News flash from the pampas. From the Associated Press:
Argentina announced a two-month price freeze on supermarket products Monday in an effort to break spiraling inflation.
The price freeze applies to every product in all of the nation's largest supermarkets -- a group including Walmart, Carrefour, Coto, Jumbo, Disco and other large chains. The companies' trade group, representing 70% of the Argentine market, reached the accord with Commerce Secretary Guillermo Moreno.
The Argentine government moved to stop the price increases it previously denied were happening. It said inflation was running at only 10% a year. Turns out, it's more like 30%.
But our focus today is not on the land of the gauchos; it's on the land of honchos, HoJos and bozos. The land north of the Rio Grande.
Before we come to it, though, another glance south of the Rio de la Plata. From Russia Today:
The International Monetary Fund has issued Argentina with a "declaration of censure" for providing inaccurate inflation and GDP data and has given it until September 29 to amend the problems or will impose sanctions.
The IMF Friday called on Argentina to fix its statistics "without further delay."
The IMF said it would review Argentina's progress in November and warned that if the problems are not sorted then it could impose sanctions on the country. This would bar one of South America's biggest economies from voting on IMF policies and accessing financing.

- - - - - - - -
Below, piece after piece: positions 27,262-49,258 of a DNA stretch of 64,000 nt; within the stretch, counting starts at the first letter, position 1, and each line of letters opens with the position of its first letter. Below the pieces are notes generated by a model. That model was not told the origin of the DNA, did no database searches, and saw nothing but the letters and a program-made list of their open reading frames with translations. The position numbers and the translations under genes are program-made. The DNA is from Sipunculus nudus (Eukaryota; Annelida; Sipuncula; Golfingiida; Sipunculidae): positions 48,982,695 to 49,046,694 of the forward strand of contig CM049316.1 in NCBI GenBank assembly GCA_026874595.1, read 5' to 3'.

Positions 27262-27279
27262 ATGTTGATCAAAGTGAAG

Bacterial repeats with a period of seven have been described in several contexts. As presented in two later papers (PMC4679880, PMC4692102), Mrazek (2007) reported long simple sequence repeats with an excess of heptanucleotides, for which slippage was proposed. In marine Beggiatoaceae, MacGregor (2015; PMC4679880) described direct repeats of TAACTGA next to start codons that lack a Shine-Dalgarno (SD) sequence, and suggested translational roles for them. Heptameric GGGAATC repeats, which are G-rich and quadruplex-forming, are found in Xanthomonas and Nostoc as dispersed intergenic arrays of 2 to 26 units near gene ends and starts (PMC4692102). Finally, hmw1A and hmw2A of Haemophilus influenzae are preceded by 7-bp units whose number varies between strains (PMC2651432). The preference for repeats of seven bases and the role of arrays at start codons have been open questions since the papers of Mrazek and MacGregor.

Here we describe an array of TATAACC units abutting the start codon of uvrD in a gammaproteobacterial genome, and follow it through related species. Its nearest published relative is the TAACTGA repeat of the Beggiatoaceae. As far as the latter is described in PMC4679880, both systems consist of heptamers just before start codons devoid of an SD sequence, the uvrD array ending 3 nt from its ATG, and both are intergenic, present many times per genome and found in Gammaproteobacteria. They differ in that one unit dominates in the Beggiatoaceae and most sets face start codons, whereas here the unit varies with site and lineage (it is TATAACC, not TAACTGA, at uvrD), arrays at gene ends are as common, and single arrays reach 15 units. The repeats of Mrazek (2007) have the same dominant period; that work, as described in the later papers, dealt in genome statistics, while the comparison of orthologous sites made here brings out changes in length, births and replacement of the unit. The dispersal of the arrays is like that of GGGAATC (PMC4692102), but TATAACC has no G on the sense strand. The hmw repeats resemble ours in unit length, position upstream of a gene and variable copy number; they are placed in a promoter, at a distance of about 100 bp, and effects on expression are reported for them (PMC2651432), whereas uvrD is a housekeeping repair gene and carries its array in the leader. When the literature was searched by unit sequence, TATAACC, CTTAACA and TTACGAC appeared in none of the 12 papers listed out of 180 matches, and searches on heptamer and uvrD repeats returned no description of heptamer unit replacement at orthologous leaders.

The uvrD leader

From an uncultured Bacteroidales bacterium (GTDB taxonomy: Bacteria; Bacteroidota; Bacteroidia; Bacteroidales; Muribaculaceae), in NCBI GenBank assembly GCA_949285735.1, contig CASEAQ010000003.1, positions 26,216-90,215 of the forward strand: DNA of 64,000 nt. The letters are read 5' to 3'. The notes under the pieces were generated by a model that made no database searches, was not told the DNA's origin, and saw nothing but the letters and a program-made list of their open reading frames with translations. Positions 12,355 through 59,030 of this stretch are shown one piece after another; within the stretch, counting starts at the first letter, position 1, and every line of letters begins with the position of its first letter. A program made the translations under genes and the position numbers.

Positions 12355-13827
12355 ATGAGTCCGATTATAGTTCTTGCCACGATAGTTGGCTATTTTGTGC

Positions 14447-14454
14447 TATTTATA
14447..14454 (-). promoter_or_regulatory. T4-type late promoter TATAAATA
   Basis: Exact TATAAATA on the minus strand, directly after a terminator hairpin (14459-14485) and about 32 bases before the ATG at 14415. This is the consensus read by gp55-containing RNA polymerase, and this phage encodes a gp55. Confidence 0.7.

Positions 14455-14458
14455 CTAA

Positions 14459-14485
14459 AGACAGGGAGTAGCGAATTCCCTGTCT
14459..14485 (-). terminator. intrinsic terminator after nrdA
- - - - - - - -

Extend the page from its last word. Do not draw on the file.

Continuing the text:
America's Own Funny Numbers
When will the IMF look at America's inflation figures?
We never paid much attention to the claims that our own feds were intentionally falsifying the numbers. Too many honest statisticians at the Bureau of Labor Statistics. Many of them Republicans. A few Tea-Partiers, even. Too many different points of view to pull off a real conspiracy.
Instead, the feds try to report the number correctly. Still, with so much fudge in the kitchen, they were bound to get some on their fingers. Not that anyone intended to defraud the public. It's just that institutions have biases of their own. Often the people working in them don't even notice.
Adding up the cost-of-living numbers has built-in complications. People of reasonable intelligence and ordinary goodwill can come to different conclusions about how it should be done. Then even a small institutional bias -- like an old watch near a compass -- can lead you in the wrong direction.